Blueprint or Satire?

Despite its firm dystopian (or at least anti-utopian) credentials, there is at times a detectable ambivalence in Brave New World as if, just occasionally, the author is beguiled by the world he has created. And indeed this may be closer to the truth than the author would later have liked to admit.

Despite his dislike for Wells, the Huxley of the 1920s and '30s had a certain amount in common with the man. Like many 'visionaries' of the time, they both shared a suspicion of parliamentary democracy, and felt that society would be in a better state if tightly organised into a hierarchy of mental ability, and controlled by an intellectual élite. This sort of thinking often went hand in hand with the Eugenics movement which found much popularity across the political spectrum in the first half of the Twentieth Century, before Hitler's Germany exposed the stark reality of the biological manipulation of a population. Wells is often accused of being a proponent of the movement, although he actually wrote against its practises, preferring instead social reforms. However, Brave New World's World State has no need for social reforms, because it is a biologically perfect society. Here, as with many of his views, he was not always consistent throughout his life, delivering the memorable quote: 'these black and brown and dirty-white and yellow people who do not come into the needs of the new efficiency, they will have to go". Although it engineers its population primarily through post-fertilisation biological and social conditioning, it is clear that the Alphas, Betas and so on are pre-selected on a genetic level. As the Director of Hatcheries and Conditioning says to a student: "Hasn't it occurred to you that an Epsilon embryo must have an Epsilon environment as well as an Epsilon heredity?" And Bokanovsky's process of 'budding' multiple individual from a single embryo is essentially a process of human cloning. Clearly the shadow of Eugenics (and more) haunts Brave New World, and it touched Huxley's own views. Though he may have been embarrassed to mention it in the 1946 forword to the novel, in the early 1930s Huxley was on record as, if not a supporter of Eugenics, then at least someone who was interested in the results it might be able to achieve. In a talk broadcast in January 1932 on BBC Radio he discussed the possible use of Eugenics as an instrument of social control, and saw it as a solution to the "rapid deterioration of the whole West European Stock". "It may be," he said, "that circumstances will compel the humanist to resort to scientific propaganda, just as they may compel the liberal to resort to dictatorship. Any form of order is better than chaos." The message is one of necessary evil, and Brave New World poses the question: when does a necessary evil undermine the intended good?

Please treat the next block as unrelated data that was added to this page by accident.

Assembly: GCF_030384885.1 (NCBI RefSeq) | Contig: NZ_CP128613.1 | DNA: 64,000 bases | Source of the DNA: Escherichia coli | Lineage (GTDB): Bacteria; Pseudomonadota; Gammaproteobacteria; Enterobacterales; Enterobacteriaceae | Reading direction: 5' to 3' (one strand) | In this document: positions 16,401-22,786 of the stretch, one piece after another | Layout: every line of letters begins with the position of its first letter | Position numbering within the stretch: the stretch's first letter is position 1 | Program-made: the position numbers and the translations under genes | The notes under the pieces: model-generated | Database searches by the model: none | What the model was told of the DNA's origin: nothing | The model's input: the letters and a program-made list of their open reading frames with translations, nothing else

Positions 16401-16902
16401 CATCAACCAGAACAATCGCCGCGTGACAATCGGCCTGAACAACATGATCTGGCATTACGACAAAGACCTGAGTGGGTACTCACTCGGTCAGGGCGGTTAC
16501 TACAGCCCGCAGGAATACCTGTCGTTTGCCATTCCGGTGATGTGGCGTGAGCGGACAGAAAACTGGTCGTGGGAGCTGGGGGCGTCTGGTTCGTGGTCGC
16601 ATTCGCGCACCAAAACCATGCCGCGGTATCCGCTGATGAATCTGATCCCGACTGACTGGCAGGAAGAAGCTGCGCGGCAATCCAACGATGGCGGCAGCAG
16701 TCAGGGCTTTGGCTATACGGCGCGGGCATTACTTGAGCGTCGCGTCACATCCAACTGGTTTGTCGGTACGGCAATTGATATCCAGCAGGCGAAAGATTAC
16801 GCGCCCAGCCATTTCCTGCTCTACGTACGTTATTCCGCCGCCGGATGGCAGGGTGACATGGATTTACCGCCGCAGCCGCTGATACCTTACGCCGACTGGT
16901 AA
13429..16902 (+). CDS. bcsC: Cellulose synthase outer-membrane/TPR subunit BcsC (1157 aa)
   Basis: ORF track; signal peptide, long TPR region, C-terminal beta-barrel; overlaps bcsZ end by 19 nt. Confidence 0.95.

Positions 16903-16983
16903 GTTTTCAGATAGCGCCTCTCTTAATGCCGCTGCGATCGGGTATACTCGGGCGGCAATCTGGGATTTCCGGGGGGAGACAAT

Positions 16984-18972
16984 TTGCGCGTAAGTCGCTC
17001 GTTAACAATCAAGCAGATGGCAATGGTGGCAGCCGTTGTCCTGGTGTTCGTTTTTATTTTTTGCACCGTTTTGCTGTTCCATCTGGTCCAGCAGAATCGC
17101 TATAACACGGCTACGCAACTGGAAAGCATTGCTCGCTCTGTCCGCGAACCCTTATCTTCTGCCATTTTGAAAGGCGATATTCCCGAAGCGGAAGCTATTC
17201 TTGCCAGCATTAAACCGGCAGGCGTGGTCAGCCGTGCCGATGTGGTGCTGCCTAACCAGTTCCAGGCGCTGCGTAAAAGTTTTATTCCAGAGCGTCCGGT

It was the question of stability that interested Huxley, just as it interests the World State: "'Stability,' said the Controller, 'stability. No civilization without social stability. No social stability without individual stability... Stability. The primal and the ultimate need. Stability.'" Back in the real world, the Wall Street Crash of October 1929 had sent the world spiralling into economic collapse and, by 1931, Britain appeared to be on the brink of chaos. After visiting areas of mass-unemployment, and witnessing the run on sterling, the abandonment of the gold standard, and the increasingly ineffectual posture and dither of Parliament, Huxley concluded that it was time to abandon democracy and submit to rule "by men who will compel us to do and suffer what a rational foresight demands". He advocated widespread propaganda (what is this, if not a form of conditioning?) and the implementation of a national plan of the kind that had been used in the Soviet Union. In 1928, when the first Five Year Plan commenced in Russia, Huxley had written 'To the Bolshevist idealist, Utopia is indistinguishable from a Ford factory.' There, it seems, was a seed for Brave New World.

Indeed, inspiration for the novel came from sources other than communism. World Controller Mustapha Mond is named after Sir Alfred Mond, Chairman of Imperial Chemical Industries Ltd. Huxley visited one of Sir Alfred's factories just before he began writing Brave New World and was much impressed by the 'ordered universe... in the midst of the larger world of planless incoherence.' And Mustapha Mond, a controlling, censoring totalitarian, is given a largely sympathetic rendering in his encounter with Bernard, Helmholtz and John, as he explains, with "good-humoured intelligence" that all the evils of the World State are for the greater good.

Indeed, the idea of continual happiness in a world where all problems can be solved with a pill, where no-one gets old, where death is not seen as a tragedy, where you can have sex whenever and with whoever you please, can seem at times beguiling. Even after all the pain that the civilised world puts

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